Eclipse chasing

From Wikipedia, the free encyclopedia
Jump to navigation Jump to search

Eclipse chasing is the pursuit of observing solar eclipses when they occur around the Earth.[1] Solar eclipses may occur more than once a year across the Earth. Total eclipses may occur multiple times every few years.[2]

A person who chases eclipses is known as a umbraphile, meaning shadow lover.[3] Umbraphiles often travel for eclipses and use various tools to help view the sun including solar viewers also known as eclipse glasses, as well as telescopes.[4][5]

As of 2017, three New Yorkers, Glenn Schneider, Jay Pasachoff, and John Beattie have each seen 33 solar eclipses, the current record.[6] Donald Liebenberg, professor of astronomy at Clemson University in South Carolina has seen 26 traveling to Turkey, Zambia, China, Pukapuka and others.[7]


In the 19th century, Mabel Loomis Todd, an American editor and writer, and her husband David Peck Todd, a professor of astronomy at Amherst College, traveled around the world to view solar eclipses.[8] During the solar eclipse of June 30, 1973, Donald Liebenberg and a group of eclipse experts observed the eclipse on board the Concorde and experienced 74 minutes of totality.[9]

See also[edit]


  1. ^ "Rapture Chasers - Every Little Thing by Gimlet Media". Retrieved 2017-10-12.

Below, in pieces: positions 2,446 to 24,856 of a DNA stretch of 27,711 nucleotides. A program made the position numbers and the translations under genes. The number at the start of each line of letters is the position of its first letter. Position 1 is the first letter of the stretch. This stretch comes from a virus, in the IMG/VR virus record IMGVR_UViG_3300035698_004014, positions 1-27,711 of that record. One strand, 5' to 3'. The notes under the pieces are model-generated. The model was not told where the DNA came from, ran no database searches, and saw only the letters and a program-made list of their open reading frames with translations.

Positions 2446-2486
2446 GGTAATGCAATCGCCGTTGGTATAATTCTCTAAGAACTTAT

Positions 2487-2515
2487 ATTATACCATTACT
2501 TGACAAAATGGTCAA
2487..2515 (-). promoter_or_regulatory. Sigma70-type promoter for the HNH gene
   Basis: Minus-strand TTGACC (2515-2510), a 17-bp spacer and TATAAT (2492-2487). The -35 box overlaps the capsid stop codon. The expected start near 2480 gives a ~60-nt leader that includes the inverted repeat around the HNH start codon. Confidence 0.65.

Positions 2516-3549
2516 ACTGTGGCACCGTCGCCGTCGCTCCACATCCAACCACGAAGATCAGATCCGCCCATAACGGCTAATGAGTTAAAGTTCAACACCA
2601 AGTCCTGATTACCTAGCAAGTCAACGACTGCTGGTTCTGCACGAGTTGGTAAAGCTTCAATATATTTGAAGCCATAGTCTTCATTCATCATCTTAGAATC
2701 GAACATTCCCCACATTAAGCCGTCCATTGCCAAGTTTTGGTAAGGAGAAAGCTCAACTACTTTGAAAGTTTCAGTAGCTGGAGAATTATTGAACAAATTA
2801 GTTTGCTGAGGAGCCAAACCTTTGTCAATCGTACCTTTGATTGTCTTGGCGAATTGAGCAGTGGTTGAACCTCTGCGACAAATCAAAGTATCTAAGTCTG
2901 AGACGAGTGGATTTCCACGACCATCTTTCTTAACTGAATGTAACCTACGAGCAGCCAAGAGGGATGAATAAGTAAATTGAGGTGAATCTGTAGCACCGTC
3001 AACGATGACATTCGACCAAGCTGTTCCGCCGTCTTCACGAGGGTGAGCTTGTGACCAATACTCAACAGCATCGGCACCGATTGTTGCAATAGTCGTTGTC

2. ^ Kate Russo (1 August 2012). Total Addiction: The Life of an Eclipse Chaser. Springer Science & Business Media. ISBN 978-3-642-30481-1.
  3. ^ Kelly, Pat (2017-07-06). "Umbraphile, Umbraphilia, Umbraphiles, and Umbraphiliacs - Solar Eclipse with the Sol Alliance". Solar Eclipse with the Sol Alliance. Retrieved 2017-08-24.
  4. ^ "How to View the 2017 Solar Eclipse Safely". Retrieved 2017-08-24.
  5. ^ Wright, Andy (2017-08-16). "Chasing Totality: A Look Into the World of Umbraphiles". Atlas Obscura. Retrieved 2017-08-24.
  6. ^ Kersten, Jason (2017-08-28). "The New Yorkers Tied for the Total-Solar-Eclipse Record". The New Yorker. Retrieved 2017-08-24.
  7. ^ Greenfieldboyce, Nell (8 August 2017). "Go See It, Eclipse Chasers Urge. 'Your First Time Is Always Special'". Retrieved 2017-08-24.
  8. ^ Mansky, Jacqueline (2017-08-03). "A Brief History of Eclipse Chasers". Smithsonian Magazine. Retrieved 2018-10-31.
  9. ^ Mulkin, Barb. "In Flight: The Story of Los Alamos Eclipse Missions". Los Alamos Science. Retrieved 2018-10-31.